Go for quality. Whatever your end goal is, you’re building a community. Find people and interact with them. Say hello, tell them you are glad you found them or comment on one of their tweets. When people interact back to you a connection is made.

Use Twitter search or WeFollow to find influencers within your industry and expand from there. There are leaders from every profession on social media, find your community and get involved.

Engage with people before you pitch them. Fill out your bio so people will know who you are and get to know the people you interact with. If you build relationships, other social platform connections will happen.

Read more at 


Social Security Is Shortchanging the Baby Boomers

By Allen W. Smith

Those who believe the baby boomers are to blame for Social Security’s financial problems are dead wrong. The boomers are not the villains. They are the victims! The boomers have already contributed more to Social Security than any previous generation. Prior to the boomers, each generation was responsible for paying only the cost of benefits for their parents’ generation. But the boomers became the first generation required to prepay the cost of their own benefits, in addition to paying for their parents’ benefits. .....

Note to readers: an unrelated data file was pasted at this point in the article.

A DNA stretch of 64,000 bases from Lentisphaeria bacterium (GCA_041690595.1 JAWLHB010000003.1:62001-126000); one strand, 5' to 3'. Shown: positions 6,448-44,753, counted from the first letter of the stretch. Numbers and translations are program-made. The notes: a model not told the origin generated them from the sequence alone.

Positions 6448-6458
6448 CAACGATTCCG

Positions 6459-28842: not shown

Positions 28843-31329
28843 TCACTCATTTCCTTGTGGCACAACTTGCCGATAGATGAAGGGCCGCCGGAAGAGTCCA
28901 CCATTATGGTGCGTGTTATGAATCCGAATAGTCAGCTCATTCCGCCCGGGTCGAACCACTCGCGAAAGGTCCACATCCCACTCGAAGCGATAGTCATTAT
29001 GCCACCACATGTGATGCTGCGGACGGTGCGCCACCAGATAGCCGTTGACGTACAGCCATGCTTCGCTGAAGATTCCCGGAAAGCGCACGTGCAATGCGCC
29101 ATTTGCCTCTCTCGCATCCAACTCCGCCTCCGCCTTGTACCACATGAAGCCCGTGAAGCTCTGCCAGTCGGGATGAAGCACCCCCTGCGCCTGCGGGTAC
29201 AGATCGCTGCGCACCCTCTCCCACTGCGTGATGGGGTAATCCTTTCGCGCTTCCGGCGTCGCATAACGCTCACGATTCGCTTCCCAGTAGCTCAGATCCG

More Social Security News...

Social Security Disability: 

How Some Couples Can Get More Money in Retirement

By Dan Caplinger 

Millions of Americans rely on Social Security disability benefits to help make ends meet after a debilitating injury or illness. But one key question that people on disability face is what will happen with their benefits after they retire. The good news is that not only do most disability recipients keep getting the payments they're used to, but under certain circumstances, they can also get additional payments based on their spouse's work history...



Westchester Center “Model” of Assisted Living is coming to New Jersey